The Yeti X brings real-time level monitoring to the popular USB mic

It’s clear why
Logitech bought Blue
back in July 2018. The Southern
Californian audio company (an acronym for “Baltic Latvian
Universal Electronics,” incidentally) has become synonymous with
USB microphones since releasing the first Snowball back in
2005.

What seemed like a niche at the time has since become a cultural
touchstone, positioning the company well to be embraced first by
podcasters and then Twitch streamers. Blue’s USB mics aren’t
the highest quality one can purchase for these purposes, but the
plug and play functionality felt fairly revolutionary when it first
hit the scene.

The company recently issued a long overdue update to its
best-selling Yeti. The Yeti X is, for most intents and purposes a
pretty subtle update. I’ve been using it a bit here and there for
a couple of week now. I recorded the
outro to the latest episode of my podcast
on the thing and lent
it to Anthony for a couple of episodes of
Original Content
.

Blue Yeti X

Aside from from the spiffy black paint job, the biggest
aesthetic change is the addition of a real-time LED meter that’s
housed around the illuminating volume nob. It’s a small touch,
but an important one for live streamers. This matter of monitoring
is largely missing or a pain to access in many streaming apps, so
there’s a lot to be said for being able to your levels on the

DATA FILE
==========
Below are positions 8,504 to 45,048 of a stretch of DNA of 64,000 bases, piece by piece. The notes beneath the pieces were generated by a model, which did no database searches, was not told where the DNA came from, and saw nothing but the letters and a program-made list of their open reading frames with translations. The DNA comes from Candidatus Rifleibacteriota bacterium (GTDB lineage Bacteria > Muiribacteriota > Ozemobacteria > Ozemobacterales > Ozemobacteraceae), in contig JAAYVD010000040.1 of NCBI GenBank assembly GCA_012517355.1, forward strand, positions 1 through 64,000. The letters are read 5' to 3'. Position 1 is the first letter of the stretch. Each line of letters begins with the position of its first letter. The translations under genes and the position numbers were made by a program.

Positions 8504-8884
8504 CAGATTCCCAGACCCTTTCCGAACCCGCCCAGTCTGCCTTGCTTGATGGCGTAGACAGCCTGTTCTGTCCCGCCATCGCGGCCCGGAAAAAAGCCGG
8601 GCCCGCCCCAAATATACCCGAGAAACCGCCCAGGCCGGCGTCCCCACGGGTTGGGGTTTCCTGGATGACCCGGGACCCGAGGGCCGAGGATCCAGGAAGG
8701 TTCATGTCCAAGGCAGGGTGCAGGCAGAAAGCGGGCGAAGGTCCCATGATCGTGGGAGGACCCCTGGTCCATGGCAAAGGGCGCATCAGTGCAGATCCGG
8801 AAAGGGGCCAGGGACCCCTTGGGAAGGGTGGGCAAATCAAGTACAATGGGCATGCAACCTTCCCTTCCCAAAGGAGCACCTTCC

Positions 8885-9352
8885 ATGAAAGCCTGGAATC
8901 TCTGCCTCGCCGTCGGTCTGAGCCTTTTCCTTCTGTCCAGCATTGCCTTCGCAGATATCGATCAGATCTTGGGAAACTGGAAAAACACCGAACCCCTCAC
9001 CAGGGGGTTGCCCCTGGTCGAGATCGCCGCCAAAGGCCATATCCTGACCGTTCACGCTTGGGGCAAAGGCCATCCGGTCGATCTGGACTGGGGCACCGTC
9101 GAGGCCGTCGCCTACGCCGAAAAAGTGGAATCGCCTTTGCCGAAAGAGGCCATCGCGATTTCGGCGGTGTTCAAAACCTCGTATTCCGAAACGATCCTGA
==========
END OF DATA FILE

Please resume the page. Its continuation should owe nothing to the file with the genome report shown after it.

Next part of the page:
fly, adjusting things back down if you peak into the red.

The sound has been improved, from three to four-capsule
condensers. Yeti’s sound was already solid for the world of USB
microphones, and it’s nice to see the company continue to up its
game there. Some of its recent mics like the Yeti Nano have
honestly felt like a step backward. The X sounds crisp, and I fully
plan to use it for an upcoming remote podcasting project I have in
the pipeline.


https://techcrunch.com/wp-content/uploads/2019/10/yeti-snippet-1.wav

Likely I’ll look into some sort of pop filter as well —
those Ps can sound pretty harsh.

It still can’t replace a good quality studio microphone, but
that’s never really been the point. If you have the means and
desire to create real a home podcasting studio, you’re probably
looking elsewhere for your mic needs. The Yeti exists for a large
and broadening category of home broadcasters — part-time Twitch
streamers and podcast hobbyist will find a lot to like here.

CMB 8101

Blue has its own software for tweaking setting, but the key is
honestly the ability to essentially use it straight out of the box.
Per the instructions, however, make sure to point the top of the
mic straight up, rather than toward your face as you might
otherwise logically do.the standard four settings on the back:
stereo, cardioid, omnidirectional and bidirectional. For most
podcast style applications, you’re going to want to go with the
second. The oddest oversight here is the decision to stick with
microUSB over the USB-C. Shipping with a dual sided USB-C cable
would go a ways toward future proofing the product.

At $169, the Yeti X is positioned pretty reasonable for
beginnings and is certainly a better long term investment than the
$70 Snowball.

Source: FS – All Tech News 2
The Yeti X brings real-time level monitoring to the popular USB mic